Changing of the guard
Which Mr. Smith will go to Washington on nano’s behalf?
At a hearing last summer, Sen. George Allen (R-Va.) called nanotechnology the “next great global economic revolution.”
But Allen was defeated by Jim Webb in his Senate re-election bid, and regardless of whether nanotechnology fulfills Allen’s expectations, his enthusiasm will be hard to replace. At the state level, another prominent advocate of nanotechnology, New York Governor George Pataki, is leaving office and considering a run for the White House.
It is not clear yet who might replace them among nanotech’s leading government advocates - an especially acute concern given the decisions Congress makes about funding, the courts are making about patent law, and that regulatory agencies are making about product and materials development.
Who might step forward as the point man or woman for nano issues concerns Stephen Maebius, an attorney for intellectual property law firm Foley & Lardner in Washington, and a member of the NanoBusiness Alliance’s advisory board.
Oregon Senator Ron Wyden has compared the importance of nanotech commercialization to “nothing less than the equivalent of President Kennedy’s commitment of landing a man on the moon.” Photo courtesy of Senator Ron Wyden
Maebius says two members of Congress who could become the most visible on nanotech issues are Sen. Ron Wyden (D-Ore.) and Rep. Lamar Smith (R-Texas). Smith, says Maebius, is a strong supporter of nanotech and there is a cluster of nano-related companies in his district, which includes Austin.
“Wyden has been pretty strong in his support of nanotech from the start,” Maebius said. “I think he’ll continue in his support, and with the Democrats in power now, I think he’ll be influential in the Senate.”
Wyden has compared the importance of nanotech commercialization to “nothing less than the equivalent of President Kennedy’s commitment of landing a man on the moon.” Wyden is a co-chair of the Congressional Nanotechnology Caucus, founded in 2004 by Sen. Allen. Wyden’s caucus co-chairs include Rep. Sherwood Boehlert (R-N.Y.) and Rep. Bart Gordon (D-Tenn.).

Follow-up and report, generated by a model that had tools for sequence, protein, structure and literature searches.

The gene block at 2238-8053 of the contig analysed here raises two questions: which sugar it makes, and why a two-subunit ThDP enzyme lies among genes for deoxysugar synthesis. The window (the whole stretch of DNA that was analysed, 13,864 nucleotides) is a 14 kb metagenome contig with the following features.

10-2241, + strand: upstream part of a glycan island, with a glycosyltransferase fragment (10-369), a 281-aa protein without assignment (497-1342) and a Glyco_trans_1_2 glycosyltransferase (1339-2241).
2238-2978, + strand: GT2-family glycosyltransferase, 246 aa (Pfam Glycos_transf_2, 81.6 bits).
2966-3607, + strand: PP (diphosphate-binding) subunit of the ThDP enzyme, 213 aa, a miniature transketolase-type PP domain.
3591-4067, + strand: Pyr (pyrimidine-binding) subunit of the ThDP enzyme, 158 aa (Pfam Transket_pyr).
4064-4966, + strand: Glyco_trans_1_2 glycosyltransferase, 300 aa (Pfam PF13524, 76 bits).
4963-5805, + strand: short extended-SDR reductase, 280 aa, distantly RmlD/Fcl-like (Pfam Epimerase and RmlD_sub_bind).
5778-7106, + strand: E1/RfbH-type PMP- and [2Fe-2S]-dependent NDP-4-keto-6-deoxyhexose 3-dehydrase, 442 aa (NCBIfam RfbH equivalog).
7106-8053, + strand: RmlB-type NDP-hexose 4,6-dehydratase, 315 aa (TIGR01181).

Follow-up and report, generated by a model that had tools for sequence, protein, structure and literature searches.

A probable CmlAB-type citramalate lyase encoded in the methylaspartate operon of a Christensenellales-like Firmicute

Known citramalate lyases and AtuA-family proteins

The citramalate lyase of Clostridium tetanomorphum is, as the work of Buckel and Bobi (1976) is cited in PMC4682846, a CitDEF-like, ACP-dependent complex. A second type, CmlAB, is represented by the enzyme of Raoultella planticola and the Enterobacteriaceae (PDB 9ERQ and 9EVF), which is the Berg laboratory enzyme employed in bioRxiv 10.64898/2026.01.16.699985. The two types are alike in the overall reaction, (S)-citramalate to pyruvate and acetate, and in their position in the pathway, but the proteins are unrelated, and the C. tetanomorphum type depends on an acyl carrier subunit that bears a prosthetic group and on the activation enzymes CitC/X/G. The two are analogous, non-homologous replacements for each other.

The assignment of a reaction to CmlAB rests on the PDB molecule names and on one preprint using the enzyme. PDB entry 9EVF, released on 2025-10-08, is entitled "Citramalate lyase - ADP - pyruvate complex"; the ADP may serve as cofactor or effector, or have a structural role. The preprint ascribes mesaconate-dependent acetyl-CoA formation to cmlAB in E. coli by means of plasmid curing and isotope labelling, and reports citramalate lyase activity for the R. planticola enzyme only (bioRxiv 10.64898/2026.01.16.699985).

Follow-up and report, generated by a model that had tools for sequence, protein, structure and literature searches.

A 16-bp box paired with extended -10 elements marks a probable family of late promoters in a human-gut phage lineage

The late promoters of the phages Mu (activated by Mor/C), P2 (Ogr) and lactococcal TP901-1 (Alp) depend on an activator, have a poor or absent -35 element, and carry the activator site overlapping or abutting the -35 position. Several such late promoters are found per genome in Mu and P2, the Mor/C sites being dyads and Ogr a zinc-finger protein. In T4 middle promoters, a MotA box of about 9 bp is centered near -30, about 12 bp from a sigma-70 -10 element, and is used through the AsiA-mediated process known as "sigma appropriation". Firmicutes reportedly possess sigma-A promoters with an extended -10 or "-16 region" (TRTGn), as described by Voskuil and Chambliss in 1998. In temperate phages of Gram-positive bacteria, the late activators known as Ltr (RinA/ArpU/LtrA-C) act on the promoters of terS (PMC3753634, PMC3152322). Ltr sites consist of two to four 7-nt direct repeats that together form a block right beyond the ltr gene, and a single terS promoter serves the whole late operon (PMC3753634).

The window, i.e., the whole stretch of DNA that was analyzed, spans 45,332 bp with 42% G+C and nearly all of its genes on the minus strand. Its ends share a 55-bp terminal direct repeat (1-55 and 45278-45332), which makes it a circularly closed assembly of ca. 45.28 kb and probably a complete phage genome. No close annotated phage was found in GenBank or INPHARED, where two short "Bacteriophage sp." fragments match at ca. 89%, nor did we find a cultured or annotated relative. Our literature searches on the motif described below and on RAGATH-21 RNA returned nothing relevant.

Meanwhile, another “Smith” - Senator Gordon Smith (R-Ore.) - has criticized the lack of U.S. R&D funding for nanotechnology and could emerge alongside his Oregon compatriot as a leading voice. Smith is the author of the Nanoscience to Commercialization Institutes Act, which provides $24 million to establish eight nanoscience institutes around the country to help bridge the gap between research and commercialization.
Rounding out the mix is Rep. Mike Honda (D-Calif.), who supports development of a Nanomanufacturing Investment Corporation that would combine federal funds and private capital into a development fund administered by the Department of Commerce; and Sen. Max Baucus (D-Mont.) who last year introduced the Research Competitiveness Act, which creates a tax incentive for investment funds that back nanotechnology start-ups.
Among the states, Oregon’s Ted Kulongoski has emerged as a leading nano governor. In addition to voicing support for Wyden and Smith’s Congressional initiatives, Kulongoski led a team that raised $20 million in capital to fund ONAMI, the Oregon Nanoscience and Microtechnologies Institute, and last year secured a $7 million appropriation from the Oregon legislature to support ONAMI. In Pennsylvania, Governor Ed Rendell committed more than $50 million in funds to the Pennsylvania Initiative for Nanotechnology.
- Richard Acello